A Look Inside Our Neurodiversity Hiring Program
Tim Y. | Data Science Intern | United States
Meet Tim Y., who recently joined Dell Technologies through our Neurodiversity Hiring Program, which gives job candidates who are on the autism spectrum the chance to showcase their skills through a unique interview and internship structure.
We asked Tim to share some of his story, as well as his experience with the program and at Dell Technologies. Here’s what he had to say!
What was your situation like before you found the Dell Technologies Neurodiversity Hiring Program?
Even before switching careers into Data Science, I had issues getting hired for full-time Accounting and Finance roles, with many gaps in my employment. While I was in grad school studying for my Master’s in Taxation, I noticed that my peers were getting their dream jobs at accounting firms, while I was left behind. After I completed a software engineering bootcamp, the same thing happened. My peers were getting interviews and job offers, while I struggled. I even went so far as building automated scripts to apply to jobs for me; however, I soon realized that getting interviews was only half the battle.
How was the Neurodiversity Hiring Program different from other job interview experiences you’ve had?
So firstly, Dell Neurodiversity hiring has been unequivocally different than the traditional hiring processes. I interviewed at another tech company’s Neurodiversity Hiring Program for a software engineering role. I believe one of the key requirements was that I needed to either still be in school or have graduated recently from university, whereas Dell has no such hard requirement. Furthermore, there was almost no difference to a typical interview for similar software engineering roles. The screening process at the other company asked pseudo behavioral questions similar to the traditional interview process. For example, I was asked, “How would you design an accessible kitchen?” and “Tell me about a time you received feedback from someone such as a co-worker or a manager.”
As someone who does noticeably better with structured questions where answers are objective, having to deal with unstructured questions like those are an absolute nightmare. I often don’t have the ability to get past my anxiety to carefully think through a question like that without advanced preparation.
On the other hand, Dell’s hiring process was mainly limited to a structured project with clear objectives and expectations. All screening questions were sent directly to the candidate so we could prepare in advance and reduce performance anxiety during interview and presentation time.
What has your experience at Dell Technologies been like so far?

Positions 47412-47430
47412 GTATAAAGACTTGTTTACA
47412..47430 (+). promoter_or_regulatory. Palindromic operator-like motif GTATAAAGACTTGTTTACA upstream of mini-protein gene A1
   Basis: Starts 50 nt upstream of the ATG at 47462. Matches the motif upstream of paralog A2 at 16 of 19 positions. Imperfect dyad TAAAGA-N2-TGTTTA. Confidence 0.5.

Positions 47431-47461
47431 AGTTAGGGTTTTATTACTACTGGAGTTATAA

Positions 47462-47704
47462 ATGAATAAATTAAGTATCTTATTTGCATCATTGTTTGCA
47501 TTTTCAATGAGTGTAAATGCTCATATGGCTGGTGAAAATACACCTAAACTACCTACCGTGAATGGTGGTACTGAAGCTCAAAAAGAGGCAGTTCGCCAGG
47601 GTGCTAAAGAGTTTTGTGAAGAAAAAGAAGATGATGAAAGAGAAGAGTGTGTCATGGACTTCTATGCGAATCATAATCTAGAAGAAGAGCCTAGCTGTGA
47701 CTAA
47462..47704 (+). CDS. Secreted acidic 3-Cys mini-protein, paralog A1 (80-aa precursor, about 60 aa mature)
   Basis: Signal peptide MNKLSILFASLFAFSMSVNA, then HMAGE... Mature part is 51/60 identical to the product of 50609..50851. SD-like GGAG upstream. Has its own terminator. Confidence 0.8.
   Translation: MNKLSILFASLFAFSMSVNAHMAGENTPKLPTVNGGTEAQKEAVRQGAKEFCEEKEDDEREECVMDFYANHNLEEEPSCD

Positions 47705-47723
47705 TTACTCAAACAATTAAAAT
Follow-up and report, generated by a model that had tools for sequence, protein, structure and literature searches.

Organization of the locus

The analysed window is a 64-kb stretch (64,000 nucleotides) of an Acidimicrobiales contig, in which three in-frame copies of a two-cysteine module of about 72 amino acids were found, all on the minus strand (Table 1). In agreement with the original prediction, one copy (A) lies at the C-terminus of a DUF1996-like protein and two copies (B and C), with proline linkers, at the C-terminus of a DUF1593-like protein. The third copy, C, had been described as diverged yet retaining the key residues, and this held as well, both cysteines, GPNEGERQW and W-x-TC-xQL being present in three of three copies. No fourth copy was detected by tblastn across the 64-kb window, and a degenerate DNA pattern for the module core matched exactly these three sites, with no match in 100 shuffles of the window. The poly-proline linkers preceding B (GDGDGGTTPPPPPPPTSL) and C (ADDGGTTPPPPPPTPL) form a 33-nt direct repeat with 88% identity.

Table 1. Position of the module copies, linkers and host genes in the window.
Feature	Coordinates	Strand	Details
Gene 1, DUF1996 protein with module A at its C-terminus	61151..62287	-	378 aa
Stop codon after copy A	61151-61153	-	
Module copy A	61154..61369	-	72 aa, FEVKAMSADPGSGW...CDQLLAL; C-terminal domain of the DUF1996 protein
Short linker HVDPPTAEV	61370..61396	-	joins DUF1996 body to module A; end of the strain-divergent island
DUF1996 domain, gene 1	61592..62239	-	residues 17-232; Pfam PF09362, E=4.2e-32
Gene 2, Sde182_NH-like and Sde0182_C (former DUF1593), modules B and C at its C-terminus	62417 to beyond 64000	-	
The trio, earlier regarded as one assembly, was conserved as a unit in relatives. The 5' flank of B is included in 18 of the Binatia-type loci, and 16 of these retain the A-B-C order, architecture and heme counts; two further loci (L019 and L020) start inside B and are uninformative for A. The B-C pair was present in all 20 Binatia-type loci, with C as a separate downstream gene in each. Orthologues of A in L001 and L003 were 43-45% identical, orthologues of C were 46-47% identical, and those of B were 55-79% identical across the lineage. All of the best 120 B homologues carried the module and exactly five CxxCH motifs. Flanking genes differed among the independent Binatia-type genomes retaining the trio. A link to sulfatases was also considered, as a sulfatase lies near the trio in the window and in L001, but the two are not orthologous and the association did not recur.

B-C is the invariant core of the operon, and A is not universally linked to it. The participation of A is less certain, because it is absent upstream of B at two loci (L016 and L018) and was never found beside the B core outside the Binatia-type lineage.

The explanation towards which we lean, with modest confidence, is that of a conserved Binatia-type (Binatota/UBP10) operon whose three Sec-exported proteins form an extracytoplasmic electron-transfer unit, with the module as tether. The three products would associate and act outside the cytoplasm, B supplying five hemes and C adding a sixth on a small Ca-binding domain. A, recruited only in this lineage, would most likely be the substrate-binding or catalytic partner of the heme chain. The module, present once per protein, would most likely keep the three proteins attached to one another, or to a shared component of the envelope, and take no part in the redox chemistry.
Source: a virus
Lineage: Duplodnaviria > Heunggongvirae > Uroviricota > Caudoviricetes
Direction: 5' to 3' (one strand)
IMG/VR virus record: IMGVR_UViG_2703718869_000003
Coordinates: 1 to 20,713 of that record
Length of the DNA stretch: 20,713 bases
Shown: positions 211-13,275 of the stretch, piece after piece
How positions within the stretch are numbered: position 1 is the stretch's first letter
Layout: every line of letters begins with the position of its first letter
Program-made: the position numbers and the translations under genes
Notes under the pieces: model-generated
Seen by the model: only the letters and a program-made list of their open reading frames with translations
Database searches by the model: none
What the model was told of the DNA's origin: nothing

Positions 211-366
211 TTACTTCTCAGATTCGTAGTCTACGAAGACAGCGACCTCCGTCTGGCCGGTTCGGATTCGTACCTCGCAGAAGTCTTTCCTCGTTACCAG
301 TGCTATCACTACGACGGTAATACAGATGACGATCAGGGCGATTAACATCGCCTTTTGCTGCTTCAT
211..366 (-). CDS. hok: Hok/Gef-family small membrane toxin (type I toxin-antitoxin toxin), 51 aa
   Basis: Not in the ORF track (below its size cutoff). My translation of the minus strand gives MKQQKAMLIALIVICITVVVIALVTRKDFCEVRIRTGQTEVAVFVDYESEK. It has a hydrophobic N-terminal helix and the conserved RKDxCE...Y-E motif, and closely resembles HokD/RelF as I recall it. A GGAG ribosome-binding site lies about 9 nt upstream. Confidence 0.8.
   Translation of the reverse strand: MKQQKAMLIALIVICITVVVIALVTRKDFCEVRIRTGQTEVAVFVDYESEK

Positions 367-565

My experience at Dell has been very positive. In all my internship experiences combined (I’ve had three, not including this experience), I’ve not seen an internship program run better than Dell Technologies’. Witnessing the cross collaboration and communication between different business units has been something of a masterclass.
Despite Dell being such a large organization, I’ve had one-on-ones with not just people outside my business unit, but also executives that run the organization. In my opinion, this shows that I’m not just another number on the balance sheet, but that I have the ear of senior leadership, as they have mine.
As an example, one of the questions that a chief of staff had asked me during a one-on-one session was “how can I help you succeed?” He had stolen the words out my lips so naturally I had to flip the question back on him. His reply was giving him honest feedback and keeping him in the loop at every step of the way.
What is your team like?
I feel that my team and manager have been receptive and understanding of my needs. I’ve been receiving nothing but positive feedback and empathy from my team since sharing my journey and discovery of Autism Spectrum Disorder.
I’ve noticed that my team has no ego, and each person has been helpful and necessary in my development. This seems to be a general trend across Dell Technologies.
What advice would you give to other autistic folks who are considering applying for the program?
My advice is to apply even when you are unsure and lack confidence. I’m also guilty of second guessing my abilities because of the way a lot of job descriptions are aggressively worded to screen out candidates. But, you’ll never learn and grow as an individual if you don’t take risks. One piece of advice from senior leadership I’ve taken to heart is to take calculated risks and to fail fast, so you have room to improve. So, the first step is applying!
For more information on the Dell Technologies Neurodiversity Hiring Program, visit the program page on our careers website!
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